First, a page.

Where does modesty come into play in all this? It goes back to a few things my father taught me as a girl. He was a military strategist and retired from the Air Force after 27 years. He said, 'if you don't know your opponent's strategy you don't have one.' I hate to put such a beautiful relationship in terms of combat but our culture forces us to engage in the 'him versus her' syndrome. Simply what is the average womans strategy in male/female relationships? Is it companionship, love, communication? If this is indeed it, then the average guy is not going to notice her cute smile and bright eyes when her skirt is so short it is a belt. Why? Because like it or not, men and women are different and we function and operate off of two different sources of power (ask me about this some other time). Companionship, love, and communication are not the relationship strategies that the average guy wants in a sexually saturated culture. If you just want to attract a guy to have sex, and that is a top priority, by all means sport those crazy 'daisy dukes.'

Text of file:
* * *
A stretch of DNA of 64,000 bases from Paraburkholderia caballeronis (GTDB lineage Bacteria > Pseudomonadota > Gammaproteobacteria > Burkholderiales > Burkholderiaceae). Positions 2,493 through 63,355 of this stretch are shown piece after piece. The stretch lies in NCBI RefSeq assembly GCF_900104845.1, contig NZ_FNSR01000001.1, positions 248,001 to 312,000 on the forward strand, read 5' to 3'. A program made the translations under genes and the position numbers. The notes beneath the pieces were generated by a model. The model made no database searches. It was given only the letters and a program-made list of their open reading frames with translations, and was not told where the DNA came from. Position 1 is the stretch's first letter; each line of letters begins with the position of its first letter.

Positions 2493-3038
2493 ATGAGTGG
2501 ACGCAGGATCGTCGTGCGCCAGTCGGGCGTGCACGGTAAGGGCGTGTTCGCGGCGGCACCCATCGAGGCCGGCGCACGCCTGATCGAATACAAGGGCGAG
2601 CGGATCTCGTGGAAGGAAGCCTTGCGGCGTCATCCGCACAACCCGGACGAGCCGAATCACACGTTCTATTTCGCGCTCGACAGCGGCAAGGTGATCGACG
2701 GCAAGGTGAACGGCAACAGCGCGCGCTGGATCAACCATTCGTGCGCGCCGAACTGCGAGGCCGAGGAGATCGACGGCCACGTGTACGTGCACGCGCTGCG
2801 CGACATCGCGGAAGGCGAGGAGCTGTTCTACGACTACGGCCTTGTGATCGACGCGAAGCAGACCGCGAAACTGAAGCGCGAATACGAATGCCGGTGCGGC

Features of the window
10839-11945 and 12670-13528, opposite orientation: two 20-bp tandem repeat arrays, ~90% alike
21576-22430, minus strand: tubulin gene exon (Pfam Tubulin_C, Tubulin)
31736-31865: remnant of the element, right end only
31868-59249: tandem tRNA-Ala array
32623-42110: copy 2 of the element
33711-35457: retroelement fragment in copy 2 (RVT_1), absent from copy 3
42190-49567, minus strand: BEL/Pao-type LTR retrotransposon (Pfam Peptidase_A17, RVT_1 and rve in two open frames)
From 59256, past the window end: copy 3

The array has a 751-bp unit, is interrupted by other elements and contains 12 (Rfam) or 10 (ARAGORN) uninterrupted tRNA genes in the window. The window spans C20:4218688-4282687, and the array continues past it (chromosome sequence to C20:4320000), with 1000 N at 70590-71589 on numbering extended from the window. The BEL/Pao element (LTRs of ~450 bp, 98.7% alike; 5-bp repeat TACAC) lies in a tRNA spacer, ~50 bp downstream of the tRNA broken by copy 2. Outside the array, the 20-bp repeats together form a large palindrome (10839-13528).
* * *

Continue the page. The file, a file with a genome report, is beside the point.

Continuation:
How can I, a career woman, be taken seriously when I testify before Senate hearings, or conduct a corporate meeting if I was wearing lingerie? My husband however, loves my lingerie when we are alone together. What women don't understand by how they dress is that, you don't attract want you want . . . you attract what you are. Like it or not, clothes say a lot about us.

I know this is a long response but there is so much to say that hasn't been said. Hope to hear from you soon--



Hey. I'm a 26 year old poet and feminist who will never submit her poems to Fence again, not after the Suicide Girls cover this summer, and Rebecca Wolff's sexist defense of it. Thank you Eve for your essay, and thank you very much Katha Pollitt, for having the courage to say anything against pornography in the poetry world at the minute.

I live in New York City, and it feels like I'm constantly getting made fun of for being against pornography.

Christopher Stackhouse (who also edits at Fence) recently told me he and other poets had a big laugh about me and my position at a recent reading of his (why they couldn't find better things to talk about, I'm not sure). Regardless, the idea that pornography is anything other than "sexual liberation" seems to be a joke to most of the male poets I meet. How sad that other women are going along with the status quo too.